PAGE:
What Are Diabetic Shoes?

What Are Diabetic Shoes?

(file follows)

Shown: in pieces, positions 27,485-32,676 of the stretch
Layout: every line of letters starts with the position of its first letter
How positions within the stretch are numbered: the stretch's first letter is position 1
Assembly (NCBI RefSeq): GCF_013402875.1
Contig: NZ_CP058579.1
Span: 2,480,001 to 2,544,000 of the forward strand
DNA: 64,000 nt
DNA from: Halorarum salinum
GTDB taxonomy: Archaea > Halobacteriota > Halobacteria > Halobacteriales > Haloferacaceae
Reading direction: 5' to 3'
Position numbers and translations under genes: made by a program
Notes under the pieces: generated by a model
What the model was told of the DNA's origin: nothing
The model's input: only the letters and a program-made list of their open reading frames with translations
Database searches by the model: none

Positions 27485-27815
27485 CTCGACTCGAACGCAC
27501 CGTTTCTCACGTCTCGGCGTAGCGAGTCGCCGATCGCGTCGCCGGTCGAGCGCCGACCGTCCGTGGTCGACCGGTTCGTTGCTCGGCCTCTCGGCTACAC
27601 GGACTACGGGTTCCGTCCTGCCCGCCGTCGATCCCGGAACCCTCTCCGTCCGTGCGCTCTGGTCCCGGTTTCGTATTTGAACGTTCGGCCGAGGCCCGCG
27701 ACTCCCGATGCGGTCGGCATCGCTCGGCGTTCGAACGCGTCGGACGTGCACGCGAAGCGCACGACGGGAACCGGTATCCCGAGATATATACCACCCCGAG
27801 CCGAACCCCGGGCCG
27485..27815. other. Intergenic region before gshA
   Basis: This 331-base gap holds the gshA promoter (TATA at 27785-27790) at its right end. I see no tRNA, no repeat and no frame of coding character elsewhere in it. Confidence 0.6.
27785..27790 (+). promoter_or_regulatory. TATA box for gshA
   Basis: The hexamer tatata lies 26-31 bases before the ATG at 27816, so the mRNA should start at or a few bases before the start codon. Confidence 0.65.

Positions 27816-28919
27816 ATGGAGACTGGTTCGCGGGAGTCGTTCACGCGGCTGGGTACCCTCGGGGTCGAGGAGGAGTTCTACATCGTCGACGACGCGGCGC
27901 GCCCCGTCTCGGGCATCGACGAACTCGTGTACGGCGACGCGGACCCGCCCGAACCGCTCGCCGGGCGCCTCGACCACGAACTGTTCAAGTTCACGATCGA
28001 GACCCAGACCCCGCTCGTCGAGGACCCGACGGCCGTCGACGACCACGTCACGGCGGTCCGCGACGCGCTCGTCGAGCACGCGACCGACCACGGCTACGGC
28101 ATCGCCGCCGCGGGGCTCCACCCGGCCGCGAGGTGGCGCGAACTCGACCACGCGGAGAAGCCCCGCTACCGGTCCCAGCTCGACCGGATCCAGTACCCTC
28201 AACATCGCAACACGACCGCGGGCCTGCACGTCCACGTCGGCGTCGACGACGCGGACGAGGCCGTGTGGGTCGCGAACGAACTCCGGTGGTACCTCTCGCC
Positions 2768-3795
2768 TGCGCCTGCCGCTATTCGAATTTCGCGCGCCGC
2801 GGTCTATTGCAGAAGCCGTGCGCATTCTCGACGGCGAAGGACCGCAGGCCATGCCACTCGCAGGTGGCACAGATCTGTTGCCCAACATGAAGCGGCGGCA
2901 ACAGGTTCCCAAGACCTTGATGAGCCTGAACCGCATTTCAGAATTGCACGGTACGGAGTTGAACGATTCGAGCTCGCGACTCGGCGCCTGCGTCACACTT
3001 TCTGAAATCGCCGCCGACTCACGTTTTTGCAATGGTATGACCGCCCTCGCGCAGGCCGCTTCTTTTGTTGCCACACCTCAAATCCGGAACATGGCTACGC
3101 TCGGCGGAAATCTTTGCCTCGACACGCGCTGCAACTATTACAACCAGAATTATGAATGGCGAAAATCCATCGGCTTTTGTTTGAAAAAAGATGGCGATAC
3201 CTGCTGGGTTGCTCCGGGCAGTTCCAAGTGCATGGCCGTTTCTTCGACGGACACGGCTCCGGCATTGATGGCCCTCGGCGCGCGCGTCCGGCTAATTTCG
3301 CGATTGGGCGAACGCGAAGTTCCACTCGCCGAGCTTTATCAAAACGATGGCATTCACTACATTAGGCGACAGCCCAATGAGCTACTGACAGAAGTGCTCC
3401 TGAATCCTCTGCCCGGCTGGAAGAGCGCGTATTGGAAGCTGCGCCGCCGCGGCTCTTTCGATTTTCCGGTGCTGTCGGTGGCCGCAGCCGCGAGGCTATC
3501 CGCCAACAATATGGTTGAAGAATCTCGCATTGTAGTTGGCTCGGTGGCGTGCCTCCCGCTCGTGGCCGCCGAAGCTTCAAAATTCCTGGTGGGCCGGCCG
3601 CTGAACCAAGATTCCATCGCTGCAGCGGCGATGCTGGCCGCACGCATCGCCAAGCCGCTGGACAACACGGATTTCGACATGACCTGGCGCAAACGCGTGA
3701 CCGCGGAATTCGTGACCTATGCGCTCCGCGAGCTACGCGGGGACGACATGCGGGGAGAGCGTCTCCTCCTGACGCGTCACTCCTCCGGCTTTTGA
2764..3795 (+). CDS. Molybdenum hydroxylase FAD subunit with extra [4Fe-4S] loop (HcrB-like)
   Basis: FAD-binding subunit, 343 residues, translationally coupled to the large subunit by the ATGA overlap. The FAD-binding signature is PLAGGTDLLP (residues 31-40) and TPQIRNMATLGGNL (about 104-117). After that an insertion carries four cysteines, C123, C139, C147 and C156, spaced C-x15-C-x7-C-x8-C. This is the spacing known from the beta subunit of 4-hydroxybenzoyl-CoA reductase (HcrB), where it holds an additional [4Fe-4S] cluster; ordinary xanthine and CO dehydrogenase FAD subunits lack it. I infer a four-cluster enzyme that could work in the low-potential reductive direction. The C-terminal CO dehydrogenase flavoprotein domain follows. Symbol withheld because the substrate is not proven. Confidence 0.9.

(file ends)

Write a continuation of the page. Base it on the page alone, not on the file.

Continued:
| Licensed since 2012 Print People with diabetes sometimes develop problems with their feet, according to the Centers for Disease Control (CDC). Medicare may cover therapeutic shoes for diabetics (sometimes called diabetic shoes) with severe diabetic foot disease. Why are diabetic shoes important? Diabetics may suffer from diabetic neuropathy. This type of nerve damage may make feet vulnerable to injuries in a few different ways, according to the National Institutes of Health: Injuries may take longer to heal because of restricted blood flow. Affected limbs may lose sensation, so it’s more difficult to detect an injury and get it treated promptly. If you lose feeling in your feet, an unnoticed injury can lead to an infection. The Centers for Disease Control (CDC) suggests quarterly foot exams for diabetics. In addition, the agency recommends a good regimen of home care. This includes keeping feet clean, inspecting feet for injuries, keeping toenails carefully trimmed, and wearing the right socks and shoes. In addition to neuropathy, complications associated with diabetes may even change the shape of the patient’s foot and weaken the muscles. The National Institute of Health, or NIH, recommends checking with a doctor about special diabetic shoes and/or shoe inserts. In some cases, diabetics may need custom-made shoes to provide extra protection. Medicare coverage for diabetic shoes Medicare Part B may cover therapeutic shoes, or diabetic shoes. In order for diabetic shoes to qualify for coverage, a podiatrist or another kind of qualified doctor has to prescribe them. Additionally, a podiatrist, prosthetist, orthotist, pedorthist, or other qualified type of professional has to provide the therapeutic shoes. Part B has some limits to its coverage of diabetic shoes: Par Continue reading >>